Alanine aminotransferase elevation. This can be considered screening or part of the diagnostic work-up of transaminitis. Regardless of the classification, this is a cohort of people with a high prevalence of HCV antibody. For individuals with one isolated alanine aminotransferase elevation, the prevalence is 3.2%.4 With two or more elevated aminotransferase results, the prevalence rises to 8.2%.4
Hemodialysis. Two major studies have estimated the prevalence of HCV antibody-positive in end-stage renal disease individuals on hemodialysis to be 7.8% and 10.4%.11,12 This prevalence can reach 64% at some dialysis centers.11 The risk of HCV infection has been associated with blood transfusions, longer duration of hemodialysis, and higher rates of HCV infection in the dialysis unit.13 With implementation of infection control practices in dialysis units, the incidence and prevalence of HCV infection are declining.13
Born in the U.S. between 1945 and 1965. The CDC and USPSTF recommend a one-time screening for HCV infection for people born in the U.S. between 1945 and 1965, regardless of the presence or absence of risk factors.6,14 This age group has an increased prevalence of HCV antibodies, at 3.25%.6
Human immunodeficiency virus (HIV). HCV has a prevalence of 30% in people infected with HIV.15 The rate of co-infection is likely secondary to shared routes of transmission. For example, 72.7% of HIV-infected individuals who used IV drugs had HCV antibodies, but only 3.5% of “low-risk” HIV-infected individuals had HCV antibodies.16
Born in a high prevalence country. In the U.S., a significant number of immigrants are from areas with a high endemic rate of HCV infection. High prevalence areas (greater than 3.5%) include Central Asia and East Asia, North Africa, and the Middle East.7 Of note, Egypt is thought to have the highest prevalence of chronic HCV infection in the world, with well over 10% of the population being antibody-positive.17 Although major guidelines do not currently recommend it, the high prevalence of chronic HCV infection in this population may warrant screening.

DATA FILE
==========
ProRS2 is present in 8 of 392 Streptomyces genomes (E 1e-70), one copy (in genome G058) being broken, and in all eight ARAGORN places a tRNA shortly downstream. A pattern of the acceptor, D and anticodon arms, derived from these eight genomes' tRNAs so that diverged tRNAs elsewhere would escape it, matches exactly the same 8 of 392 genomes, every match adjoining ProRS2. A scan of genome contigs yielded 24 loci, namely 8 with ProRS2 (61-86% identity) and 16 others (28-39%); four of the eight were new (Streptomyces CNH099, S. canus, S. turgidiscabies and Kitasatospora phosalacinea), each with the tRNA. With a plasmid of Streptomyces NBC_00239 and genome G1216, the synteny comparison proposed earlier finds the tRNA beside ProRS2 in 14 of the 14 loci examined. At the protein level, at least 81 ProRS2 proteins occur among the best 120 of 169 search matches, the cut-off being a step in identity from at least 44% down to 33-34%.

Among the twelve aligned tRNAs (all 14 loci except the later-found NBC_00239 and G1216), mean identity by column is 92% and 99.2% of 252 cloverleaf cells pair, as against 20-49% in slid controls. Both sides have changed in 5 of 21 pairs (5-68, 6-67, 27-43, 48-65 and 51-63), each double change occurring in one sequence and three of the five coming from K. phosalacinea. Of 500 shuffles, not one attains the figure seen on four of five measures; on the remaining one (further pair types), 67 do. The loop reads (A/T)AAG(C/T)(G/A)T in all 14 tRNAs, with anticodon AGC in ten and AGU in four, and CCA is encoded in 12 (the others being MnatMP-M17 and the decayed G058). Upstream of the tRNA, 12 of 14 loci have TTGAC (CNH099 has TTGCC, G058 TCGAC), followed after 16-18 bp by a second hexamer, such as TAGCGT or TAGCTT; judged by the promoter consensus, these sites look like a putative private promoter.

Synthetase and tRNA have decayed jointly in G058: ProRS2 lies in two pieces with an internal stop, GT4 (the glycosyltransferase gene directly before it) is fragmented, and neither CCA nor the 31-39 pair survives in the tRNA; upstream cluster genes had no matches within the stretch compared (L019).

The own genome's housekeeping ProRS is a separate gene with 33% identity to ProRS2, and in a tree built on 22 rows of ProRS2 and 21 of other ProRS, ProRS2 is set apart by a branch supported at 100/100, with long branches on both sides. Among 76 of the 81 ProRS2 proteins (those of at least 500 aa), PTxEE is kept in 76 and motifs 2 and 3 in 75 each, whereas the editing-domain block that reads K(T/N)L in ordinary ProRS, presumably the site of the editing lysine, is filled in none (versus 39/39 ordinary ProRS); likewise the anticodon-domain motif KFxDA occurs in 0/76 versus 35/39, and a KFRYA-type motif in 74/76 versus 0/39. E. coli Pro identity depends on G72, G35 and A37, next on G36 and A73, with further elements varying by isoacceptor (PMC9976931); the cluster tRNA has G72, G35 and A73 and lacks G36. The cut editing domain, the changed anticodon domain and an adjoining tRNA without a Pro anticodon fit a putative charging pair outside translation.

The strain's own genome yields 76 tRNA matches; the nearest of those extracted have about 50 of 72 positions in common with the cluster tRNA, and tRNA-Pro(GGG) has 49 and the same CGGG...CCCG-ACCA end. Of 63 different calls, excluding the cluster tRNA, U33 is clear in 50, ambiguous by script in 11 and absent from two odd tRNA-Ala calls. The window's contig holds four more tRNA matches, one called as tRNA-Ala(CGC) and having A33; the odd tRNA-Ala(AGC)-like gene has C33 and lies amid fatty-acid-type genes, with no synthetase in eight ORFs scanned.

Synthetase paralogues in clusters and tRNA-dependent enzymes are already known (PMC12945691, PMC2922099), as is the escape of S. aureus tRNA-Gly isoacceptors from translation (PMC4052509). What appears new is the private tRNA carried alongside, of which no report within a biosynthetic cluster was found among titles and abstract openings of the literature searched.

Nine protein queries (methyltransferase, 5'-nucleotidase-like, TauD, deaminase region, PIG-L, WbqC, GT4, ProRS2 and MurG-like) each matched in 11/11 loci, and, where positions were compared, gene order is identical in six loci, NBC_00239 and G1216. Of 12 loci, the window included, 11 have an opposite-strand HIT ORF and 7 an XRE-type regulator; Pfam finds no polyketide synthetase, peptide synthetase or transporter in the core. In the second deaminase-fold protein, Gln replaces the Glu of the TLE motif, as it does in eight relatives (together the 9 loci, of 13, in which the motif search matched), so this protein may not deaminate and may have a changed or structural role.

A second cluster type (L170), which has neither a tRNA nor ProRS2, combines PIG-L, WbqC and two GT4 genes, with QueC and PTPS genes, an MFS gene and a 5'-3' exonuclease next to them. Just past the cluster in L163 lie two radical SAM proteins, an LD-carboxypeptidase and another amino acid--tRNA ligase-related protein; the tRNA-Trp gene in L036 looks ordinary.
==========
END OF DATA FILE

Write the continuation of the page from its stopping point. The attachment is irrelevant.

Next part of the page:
Other high-risk or high-prevalence populations. The prevalence of HCV infection in people who have had over 10 lifetime sexual partners (3% to 9%), those with a history of sexually transmitted disease (6%), men who have had sex with men (5%), and children born to HCV-infected mothers (5%) is increased compared with the general population.8 Incarcerated people in the U.S. have an HCV antibody prevalence of 16% to 41%.18 In addition, people who have sustained needle-stick injury or mucosal exposure, or those with potential exposures in unregulated tattoo or piercing salons, may also benefit from HCV antibody screening.14
Table 1 reviews HCV screening recommendations for the CDC, AASLD, and USPSTF.1,6,8,14
The most common initial screening test for the diagnosis of chronic HCV infection is the HCV antibody test. A positive antibody test should be followed by an HCV RNA test. In an individual with recent exposure, it takes between four and 10 weeks for the antibody to be detectable. HCV RNA testing can be positive as soon as two to three weeks after infection.8